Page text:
Supernatural has attempted several spinoffs during its time, all without success. But the first pilot is actually the show’s lowest-rated episode.
Supernatural’s most disliked episode was, strangely, the long-running fantasy series’ first backdoor pilot for a spinoff. The main Supernatural series is currently in the process of wrapping up Sam and Dean Winchester’s story after an epic 15 season run. With God as the final villain, the Winchesters have their backs against the wall, and fans are eagerly waiting to discover the fates of the brothers before Jensen Ackles and Jared Padalecki move on to pastures new.
Supernatural’s legion of loyal followers across the world might not feel the show’s ending so keenly if there was a spinoff series currently airing that could cushion the blow, but it’s not for want of trying. The CW have shown tremendous faith in Supernatural over the years and have made several attempts to capitalize on the show’s fandom with a spinoff series, failing on each occasion. The first effort came with season 9’s “Bloodlines” and would’ve moved the action from rural America to the bright lights of Chicago, where families of vampires, werewolves and other assorted monsters were involved in a mafia-style turf war. The idea was never developed into a full series, but Supernatural valiantly tried again in 2018 with “Wayward Sisters,” once again hitting a dead end.
Unless Supernatural drops the ball massively within the handful of remaining episodes, the show’s official lowest-rated episode, according to IMDB (via Reddit), will go down as “Bloodlines.” Due to its episodic structure, Supernatural’s episode ratings do have a tendency to vary wildly, but “Bloodlines” is the only episode to drop below a 6/10 score in Sam and Dean’s history, coming in at a slightly-above-average 5.8. Many fans cite the distinct shift in tone for the failure of “Bloodlines,” with very few elements from the main series crossing over. However, it might also be fair to say that the monster mafia concept came off a little corny, lacking the lighter edge that Sam and Dean’s adventures usually employ to counterbalance the paranormal madness.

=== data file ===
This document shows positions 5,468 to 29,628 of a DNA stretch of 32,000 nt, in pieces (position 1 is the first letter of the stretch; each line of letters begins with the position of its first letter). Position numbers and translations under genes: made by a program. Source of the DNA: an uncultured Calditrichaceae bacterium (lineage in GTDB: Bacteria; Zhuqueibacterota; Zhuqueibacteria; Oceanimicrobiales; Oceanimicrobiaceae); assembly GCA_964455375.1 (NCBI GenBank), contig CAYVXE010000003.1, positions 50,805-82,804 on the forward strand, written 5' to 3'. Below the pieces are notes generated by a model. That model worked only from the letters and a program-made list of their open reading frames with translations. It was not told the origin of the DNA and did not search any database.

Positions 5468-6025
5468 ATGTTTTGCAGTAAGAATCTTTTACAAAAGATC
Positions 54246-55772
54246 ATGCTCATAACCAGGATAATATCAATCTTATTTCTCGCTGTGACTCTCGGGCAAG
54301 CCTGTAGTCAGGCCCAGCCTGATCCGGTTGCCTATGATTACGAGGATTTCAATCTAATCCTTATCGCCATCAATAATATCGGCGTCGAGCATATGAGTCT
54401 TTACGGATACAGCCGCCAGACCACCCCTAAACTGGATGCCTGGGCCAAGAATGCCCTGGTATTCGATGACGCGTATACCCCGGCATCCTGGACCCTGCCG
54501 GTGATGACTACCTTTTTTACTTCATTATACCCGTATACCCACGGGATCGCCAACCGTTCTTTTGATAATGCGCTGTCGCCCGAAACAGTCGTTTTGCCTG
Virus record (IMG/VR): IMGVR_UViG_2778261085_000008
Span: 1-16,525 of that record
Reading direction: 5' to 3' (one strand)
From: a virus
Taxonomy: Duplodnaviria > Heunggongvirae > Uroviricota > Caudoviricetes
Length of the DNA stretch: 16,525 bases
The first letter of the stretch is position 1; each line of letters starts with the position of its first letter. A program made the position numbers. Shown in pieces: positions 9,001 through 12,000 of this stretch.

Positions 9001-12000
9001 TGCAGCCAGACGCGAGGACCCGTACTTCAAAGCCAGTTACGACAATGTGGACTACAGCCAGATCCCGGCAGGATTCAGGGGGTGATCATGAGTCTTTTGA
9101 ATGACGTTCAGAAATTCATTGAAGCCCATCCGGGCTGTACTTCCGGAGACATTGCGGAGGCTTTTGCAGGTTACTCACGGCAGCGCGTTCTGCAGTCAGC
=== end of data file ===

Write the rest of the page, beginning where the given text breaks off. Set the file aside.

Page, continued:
This unenviable honor is perhaps a sign of how badly misjudged “Bloodlines” was in hindsight. Not only did the episode fail to inspire calls for an entire spinoff series, but it didn’t even work as a single, standalone story. The lack of focus on the central trio of Sam, Dean and Castiel can bear some responsibility, but since other Winchester-lite offerings have fared much better, the lion’s share of the blame must surely rest upon the core idea of a Bloodlines spinoff. The low rating also highlights the range of more attractive options Supernatural had as potential spinoffs (such as the Ghost Facers, who enjoyed a 10 episode webseries, or Garth’s werewolf family) that would’ve incorporated more familiar characters.
Indeed, The CW used one such idea with its second backdoor pilot, “Wayward Sisters.” Based around Jodie and her band of female orphans and strays, Wayward Sisters was billed as a static spinoff that would combine the usual hunting action with the drama of a surrogate family. The “Wayward Sisters” episode enjoyed a far brighter reception than “Bloodlines,” and currently holds a sold 8.4 rating on IMBD, but the option to green-light a whole series wasn’t taken and, unlike before, this caused disappointment among fans. If The CW ever decide to revisit producing a spinoff when Supernatural finally comes to a close, they’d surely find a willing audience… just not with Bloodlines.